zondag 26 september 2010

Paul Bley pleasures

"The artists alone decide what you will hear on their ESP-disk." A label with such a motto should be cherished.  And I do, as all hardcore jazz fanatics should. But I guess Paul Bley didn't decide on the sound of this recording. Like all ESP-recordings I know, it sounds as if it was recorded under water or in a refrigerator or something.
But even then ESP (which started in the sixties when free jazz was invented and seems to have regained life in recent years) produced wonderful records. Closer is beyond doubt my favourite, since it got me to know Paul Bley, a wonderful pianoplayer, whose impact on jazz and improvisatory music cannot be over-appreciated.
Oh my god, I still remember hiring this record from the local discotheque when I was 17 years or something. I was completely stunned by the opening track, Ida Lupino (named after an actress, which I didn't realise until decades later). The track was penned by Carla Bley, then Paul's wife, although as far as I know their marriage didn't last too long. Carla wrote seven of the ten (short to very short) tracks here, and they are all terrific. Although none of the others are as melodic as Ida Lupino, I consider tracks like Start, Batterie and Closer as little gems, small pieces of art that deserve respectful accolades of all true music lovers. They are all classics to my ears.
Paul wrote one piece, and the remaining two were penned by Annette Peacock (if I'm not mistaken, Bley's partner after his marriage with Carla broke up) and Ornette Coleman, the man who changed the sound of jazz once he became member of the Paul Bley group in '58 (or was it '59?).
Bley's trio consists of Steve Swallow (then still on ACOUSTIC bass, although he's so badly recorded you can hardly hear him) and the wonderful Barry Altschul, an excellent drummer who was one of the key figures of free jazz, then disappeared for too many years, but now seems to have re-emerged on the scene.
My cd collection contains about 45 cd's by Paul Bley (and then another ten or so on vinyl), but I guess this one is still my favourite. Especially since the master himself decorated it with his autograph after a concert last year in Ghent, Belgium....
Thank you for reading this

zaterdag 18 september 2010

Tony Malaby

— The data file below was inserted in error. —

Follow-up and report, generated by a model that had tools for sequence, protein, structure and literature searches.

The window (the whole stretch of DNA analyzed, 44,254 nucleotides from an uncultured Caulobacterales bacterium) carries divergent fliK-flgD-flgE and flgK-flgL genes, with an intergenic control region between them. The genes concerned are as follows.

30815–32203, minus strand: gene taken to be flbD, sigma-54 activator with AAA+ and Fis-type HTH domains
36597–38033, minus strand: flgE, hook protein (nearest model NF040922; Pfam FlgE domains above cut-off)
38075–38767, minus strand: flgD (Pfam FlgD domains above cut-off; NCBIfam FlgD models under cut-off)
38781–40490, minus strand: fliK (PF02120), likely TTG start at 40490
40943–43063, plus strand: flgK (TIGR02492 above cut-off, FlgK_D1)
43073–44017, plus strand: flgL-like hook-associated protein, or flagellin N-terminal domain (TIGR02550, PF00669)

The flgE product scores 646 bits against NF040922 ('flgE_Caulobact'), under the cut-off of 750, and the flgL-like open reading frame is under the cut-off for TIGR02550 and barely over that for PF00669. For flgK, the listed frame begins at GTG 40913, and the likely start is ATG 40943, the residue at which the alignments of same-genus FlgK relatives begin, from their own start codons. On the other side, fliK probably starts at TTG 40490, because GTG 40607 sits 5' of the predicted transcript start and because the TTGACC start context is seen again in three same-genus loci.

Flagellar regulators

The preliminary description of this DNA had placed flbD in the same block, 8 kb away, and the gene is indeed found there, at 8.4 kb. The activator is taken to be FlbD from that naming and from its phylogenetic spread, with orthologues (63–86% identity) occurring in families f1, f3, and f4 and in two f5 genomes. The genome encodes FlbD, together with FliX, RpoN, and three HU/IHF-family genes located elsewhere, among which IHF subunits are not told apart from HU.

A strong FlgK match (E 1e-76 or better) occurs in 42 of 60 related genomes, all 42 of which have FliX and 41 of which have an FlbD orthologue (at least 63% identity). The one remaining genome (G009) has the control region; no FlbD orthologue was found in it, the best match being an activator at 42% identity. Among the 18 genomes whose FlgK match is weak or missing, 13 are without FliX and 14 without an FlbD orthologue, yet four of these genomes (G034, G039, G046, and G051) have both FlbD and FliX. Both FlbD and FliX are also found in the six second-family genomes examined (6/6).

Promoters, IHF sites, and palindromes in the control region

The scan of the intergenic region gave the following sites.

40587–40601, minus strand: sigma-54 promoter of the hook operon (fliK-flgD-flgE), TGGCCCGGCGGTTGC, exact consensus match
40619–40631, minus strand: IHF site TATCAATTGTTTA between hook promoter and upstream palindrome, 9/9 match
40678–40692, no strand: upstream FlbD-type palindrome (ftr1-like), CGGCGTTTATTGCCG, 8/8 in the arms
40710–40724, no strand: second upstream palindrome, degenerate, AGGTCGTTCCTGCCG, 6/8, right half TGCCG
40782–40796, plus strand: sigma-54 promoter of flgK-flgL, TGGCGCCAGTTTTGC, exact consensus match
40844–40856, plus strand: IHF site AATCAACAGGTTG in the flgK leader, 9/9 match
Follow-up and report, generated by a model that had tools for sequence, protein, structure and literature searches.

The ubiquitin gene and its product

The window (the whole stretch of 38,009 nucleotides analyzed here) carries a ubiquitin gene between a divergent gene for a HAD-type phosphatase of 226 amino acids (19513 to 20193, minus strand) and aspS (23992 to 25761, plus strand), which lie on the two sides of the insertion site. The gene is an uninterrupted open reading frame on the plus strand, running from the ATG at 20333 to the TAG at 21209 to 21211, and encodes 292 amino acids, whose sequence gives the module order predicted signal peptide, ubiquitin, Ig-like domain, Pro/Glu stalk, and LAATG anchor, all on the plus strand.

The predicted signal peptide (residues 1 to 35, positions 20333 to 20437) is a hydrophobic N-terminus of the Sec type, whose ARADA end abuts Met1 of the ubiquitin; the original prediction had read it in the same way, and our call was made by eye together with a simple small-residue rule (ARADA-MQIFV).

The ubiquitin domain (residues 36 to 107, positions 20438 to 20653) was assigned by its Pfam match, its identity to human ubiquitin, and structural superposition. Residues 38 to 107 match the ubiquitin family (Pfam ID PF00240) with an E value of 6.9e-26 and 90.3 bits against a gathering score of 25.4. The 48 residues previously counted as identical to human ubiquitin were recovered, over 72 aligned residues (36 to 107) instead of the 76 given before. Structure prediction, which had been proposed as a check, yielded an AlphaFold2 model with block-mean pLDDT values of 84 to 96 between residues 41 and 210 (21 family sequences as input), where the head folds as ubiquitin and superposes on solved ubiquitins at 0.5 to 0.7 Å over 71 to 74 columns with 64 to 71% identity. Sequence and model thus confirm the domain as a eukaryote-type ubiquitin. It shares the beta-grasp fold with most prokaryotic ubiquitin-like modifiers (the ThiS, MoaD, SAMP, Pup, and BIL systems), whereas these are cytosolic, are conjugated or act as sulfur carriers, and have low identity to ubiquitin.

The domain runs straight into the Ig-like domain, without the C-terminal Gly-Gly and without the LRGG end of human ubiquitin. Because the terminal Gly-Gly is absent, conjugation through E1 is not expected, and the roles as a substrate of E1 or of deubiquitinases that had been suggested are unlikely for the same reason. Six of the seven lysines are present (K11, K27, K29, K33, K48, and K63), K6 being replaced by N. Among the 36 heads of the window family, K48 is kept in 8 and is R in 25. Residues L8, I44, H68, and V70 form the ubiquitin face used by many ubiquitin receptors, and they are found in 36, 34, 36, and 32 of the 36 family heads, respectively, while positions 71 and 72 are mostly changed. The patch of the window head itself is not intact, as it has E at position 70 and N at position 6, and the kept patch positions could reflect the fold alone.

Last year I spent a week in New York. I not only had the pleasure of visiting the Village Vanguard (David Sanchez), the Blue Note (Odean Pope, James Carter, even Stanley Clarke) and the tiny Barbès in Brooklyn (Tom Rainey, Ingrid Laubrock, Mary Halvorson). But the very best concert I saw during that week was in the beautiful Cornelia Street Café in the heart of the Village.
The band playing there was a quartet led by Tony Malaby (with John Hébert, Ralph Alessi and Billy Drummond). Beyond doubt Malaby's one of the most interesting saxophonists on the present jazz scene. On the same trip, I bought loads of cd's in the Downtown Music Gallery (go there when you're in NY!), and Adobe is definitely the one I listened to the most.
It's a "classic" sax trio, recorded in 2003, with the rock solid Drew Grass on bass and on drums Paul Motian, still incredible after all these years. Malaby, who wrote four of the nine tunes, shines on tenor and on soprano. His reading of Ornette Coleman's Humpty Dumpty , the excellent opener, sounds very fresh. His tone on sax sounds very modern, firm, full of vision, with an open mind and an avantgarde edge, though he never loses himself in extensive squeaking or growling.
As excellent as Drew Gress sounds, it's Paul Motian who makes this cd a special success. His sound is so recognizable, and he propels the music to a higher level.
I know there's been plenty of beautiful saxtrio-cd's recently (the ones by Donny McCaslin and J.D. Allen come to mind), but this one will neither disappoint the avid fan of real present-day jazz.

vrijdag 17 september 2010

Jeremy Pelt

How to play hardbop and still sound fresh and modern? Listen to this cd and Jeremy Pelt gives you the answer. The trumpeter had already published some very strong cd's, some with an electric feel, like the well received Shock Value: Live at Smoke on MaxJazz.
But this all acoustic quintet is his band of choice since the excellent previous cd, November (MaxJazz). This quintet consists of Dwayne Burno (bass), Danny Grissett (piano), J.D. Allen (tenorsax) and Gerald Cleaver (drums). With the exception of Burno, they are all leaders in their own right. But this not an 'all stars' affair. This is really a group effort, and the sound is that of a quintet full of interaction, with musicians listening to each other, with an almost telepathic feeling of how their colleagues will react.
 Like Dave Holland, Jeremy Pelt gives each member of his group the opportunity to bring along a composition, and this works fine. The sound is definitely reminiscent of the second great Miles Davis Quintet, although Pelt has a sound that differs from the Great Master of the Understatement.
Pelt is beyond doubt a virtuoso, and he is very lucky to have next to him in the frontline J.D. Allen, who is a rising star on saxophone. Listen to J.D.'s trio-cd's, and you will agree.
Men of Honor (this time on the HighNote label) should be the breakthrough of a major jazz band. Hope you like it!

zondag 12 september 2010

Steve Lehman

For those of you who are tempted to think that in jazz everything has been done before, please keep your ears open, and you will definitely come across the sound of the unexpected. Like the sound of the Steve Lehman Octet, which is definitely something you have never heard before.
Surely Lehman's sound on alto sax has traces of Steve Coleman or Greg Osby. But the music he writes for this exceptional instrumentation (two saxes, trumpet, trombone, tuba, vibes, bas and drums) is something really modern, with elements of all kinds of jazz (inlcluding the hard avantgarde stuff) and modern classical music nicely intertwined. The rhythm is very complex (which brings us to... Tyshawn Sorey, who is again shining on drums), the five piece frontline plays strong melody lines, with the tuba intervening as an extra bass, and the soloing is real intense. Mark Shim on tenorsax, Joathan Finlayson on trumpet, Tim Albright on trombone: they are all impressive.